Showing prostitutes a way off the streets

As a general assignment reporter who covers the San Fernando Valley, my main beats seem to be  porn, pot, and prostitution.  But there are many good people who sort of emerge from these beats, those who are trying to make a difference.  The Mary Magdalene Project is  a nonprofit organization that helps older prostitutes leave “the life.”   Hollywood has glorified prostitutes (Pretty Woman), but in reality, there are few places where older women can seek help.  I found the Mary Magdalene Project years ago, but recently they opened a drop in center to help women find resources.  Here’s my  story (Daily News, 2009):
VAN NUYS – The bright yellow fliers posted along Sepulveda Boulevard dare street walkers to try a new path.

Some take up the offer, though the women are suspicious as they enter the air-conditioned office building in Van Nuys.

What’s the catch? Will I be arrested? They ask these questions as they rest on couches and listen to music while someone offers them low-calorie snacks, travel-size toiletries and free condoms.

But this is no trick.

The prostitutes who visit the Mary Magdalene Project’s drop-in center find a place to catch their breath, escape a pimp and, maybe, leave behind “the life,” for good.

“It’s hard to get people to care about prostitutes,” conceded Martin McCombs, executive director of The Mary Magdalene Project, a 30-year-old agency that provides long-term shelter in a Reseda home for women who want to leave prostitution.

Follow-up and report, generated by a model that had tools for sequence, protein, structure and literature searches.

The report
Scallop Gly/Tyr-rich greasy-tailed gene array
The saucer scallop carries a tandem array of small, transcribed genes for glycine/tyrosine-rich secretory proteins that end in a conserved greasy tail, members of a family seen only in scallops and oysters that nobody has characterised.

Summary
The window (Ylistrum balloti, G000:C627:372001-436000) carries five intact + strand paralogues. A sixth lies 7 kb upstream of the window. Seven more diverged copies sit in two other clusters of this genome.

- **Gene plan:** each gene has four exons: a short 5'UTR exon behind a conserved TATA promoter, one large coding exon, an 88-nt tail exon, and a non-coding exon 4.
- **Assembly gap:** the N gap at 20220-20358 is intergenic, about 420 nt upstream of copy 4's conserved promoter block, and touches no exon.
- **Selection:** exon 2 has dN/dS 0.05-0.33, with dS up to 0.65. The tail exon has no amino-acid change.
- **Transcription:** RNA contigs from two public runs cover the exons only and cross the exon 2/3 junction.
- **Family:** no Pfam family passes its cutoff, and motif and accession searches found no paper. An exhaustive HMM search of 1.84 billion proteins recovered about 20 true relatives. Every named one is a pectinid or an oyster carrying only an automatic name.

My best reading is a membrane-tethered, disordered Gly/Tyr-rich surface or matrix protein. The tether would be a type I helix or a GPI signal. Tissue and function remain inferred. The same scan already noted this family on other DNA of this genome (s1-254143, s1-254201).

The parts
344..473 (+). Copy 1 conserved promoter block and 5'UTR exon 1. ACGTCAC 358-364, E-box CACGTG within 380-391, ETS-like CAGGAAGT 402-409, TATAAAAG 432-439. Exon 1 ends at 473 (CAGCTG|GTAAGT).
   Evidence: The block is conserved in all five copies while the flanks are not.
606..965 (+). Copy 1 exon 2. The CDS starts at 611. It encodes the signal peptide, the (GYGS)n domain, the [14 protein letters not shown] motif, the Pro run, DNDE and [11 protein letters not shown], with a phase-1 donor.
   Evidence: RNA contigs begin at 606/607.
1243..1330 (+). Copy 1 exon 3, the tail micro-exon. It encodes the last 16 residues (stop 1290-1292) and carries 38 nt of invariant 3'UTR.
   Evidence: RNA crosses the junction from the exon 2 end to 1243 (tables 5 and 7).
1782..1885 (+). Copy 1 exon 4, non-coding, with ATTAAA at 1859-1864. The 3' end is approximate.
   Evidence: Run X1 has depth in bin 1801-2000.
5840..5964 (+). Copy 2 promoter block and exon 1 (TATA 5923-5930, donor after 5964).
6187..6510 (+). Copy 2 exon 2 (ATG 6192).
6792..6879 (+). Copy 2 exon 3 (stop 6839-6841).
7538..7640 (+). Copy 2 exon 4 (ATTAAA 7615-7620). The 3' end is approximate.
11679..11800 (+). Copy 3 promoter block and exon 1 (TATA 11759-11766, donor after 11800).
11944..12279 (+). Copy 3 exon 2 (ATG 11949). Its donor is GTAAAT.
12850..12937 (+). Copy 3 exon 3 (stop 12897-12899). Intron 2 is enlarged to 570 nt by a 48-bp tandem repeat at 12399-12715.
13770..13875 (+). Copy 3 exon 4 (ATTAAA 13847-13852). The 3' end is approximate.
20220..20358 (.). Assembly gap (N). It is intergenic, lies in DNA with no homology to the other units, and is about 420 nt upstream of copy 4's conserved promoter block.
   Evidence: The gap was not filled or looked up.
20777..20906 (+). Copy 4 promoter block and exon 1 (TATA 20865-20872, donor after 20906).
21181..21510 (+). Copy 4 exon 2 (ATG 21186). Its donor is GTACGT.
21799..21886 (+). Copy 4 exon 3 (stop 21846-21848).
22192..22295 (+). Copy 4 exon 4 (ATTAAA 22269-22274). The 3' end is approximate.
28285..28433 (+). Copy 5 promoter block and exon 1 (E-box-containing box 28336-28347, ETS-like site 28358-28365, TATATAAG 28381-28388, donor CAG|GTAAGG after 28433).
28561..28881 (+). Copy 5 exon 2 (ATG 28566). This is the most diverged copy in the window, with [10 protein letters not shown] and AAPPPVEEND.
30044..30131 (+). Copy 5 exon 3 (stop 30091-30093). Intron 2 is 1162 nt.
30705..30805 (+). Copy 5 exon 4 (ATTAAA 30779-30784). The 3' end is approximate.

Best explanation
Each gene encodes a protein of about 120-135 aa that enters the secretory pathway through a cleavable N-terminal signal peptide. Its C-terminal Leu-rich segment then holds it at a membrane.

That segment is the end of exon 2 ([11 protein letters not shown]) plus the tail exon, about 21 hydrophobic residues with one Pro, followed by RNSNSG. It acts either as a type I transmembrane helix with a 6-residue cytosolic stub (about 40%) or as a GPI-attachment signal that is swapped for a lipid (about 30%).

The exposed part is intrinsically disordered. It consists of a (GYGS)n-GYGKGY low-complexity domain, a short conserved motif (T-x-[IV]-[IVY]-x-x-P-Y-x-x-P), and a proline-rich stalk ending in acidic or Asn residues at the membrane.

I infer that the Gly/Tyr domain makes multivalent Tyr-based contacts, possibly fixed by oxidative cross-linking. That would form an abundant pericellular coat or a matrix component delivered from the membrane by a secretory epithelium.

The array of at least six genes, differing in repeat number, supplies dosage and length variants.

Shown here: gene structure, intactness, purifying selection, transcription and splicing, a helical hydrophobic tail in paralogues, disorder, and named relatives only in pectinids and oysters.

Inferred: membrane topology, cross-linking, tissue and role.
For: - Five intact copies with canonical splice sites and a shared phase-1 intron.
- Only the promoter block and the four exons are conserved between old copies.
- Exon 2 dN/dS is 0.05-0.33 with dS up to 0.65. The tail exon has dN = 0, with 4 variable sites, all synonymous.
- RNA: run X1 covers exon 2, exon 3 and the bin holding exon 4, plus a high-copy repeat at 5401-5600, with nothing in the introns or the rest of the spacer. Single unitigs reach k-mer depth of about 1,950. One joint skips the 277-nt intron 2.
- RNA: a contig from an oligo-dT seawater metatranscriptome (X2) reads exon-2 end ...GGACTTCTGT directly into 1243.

“People don’t want them in their neighborhoods, but we see it differently,” McCombs said. “We see them as victims. Some of these women have horrific pasts.”

The recently opened drop-in center on Haskell Avenue is the first of its kind in Los Angeles. Its purpose is to offer a bridge between the pimp-controlled streets and the residential home, where prostitutes seeking a new life can receive counseling and learn new skills, McCombs said.

According to the Mary Magdalene Project, 85 percent of female prostitutes were sexually abused as children. Nearly 80 percent have mental health issues and abuse drugs. And many women who work as prostitutes have three or more children.

The Los Angeles Police Department makes about 1,000 prostitution-related arrests each year in the San Fernando Valley – a figure that has remained flat since the late 1990s.

But with motels, liquor stores and bars serving as a backdrop, the Sepulveda Boulevard and San Fernando Road corridors remain hot spots for street walkers and prostitution-related loitering in the San Fernando Valley. And it recurs in cycles, usually increasing during the summer, when “circuit girls” are trafficked by pimps to Los Angeles from Fresno, Las Vegas, and even as far off as Hawaii.

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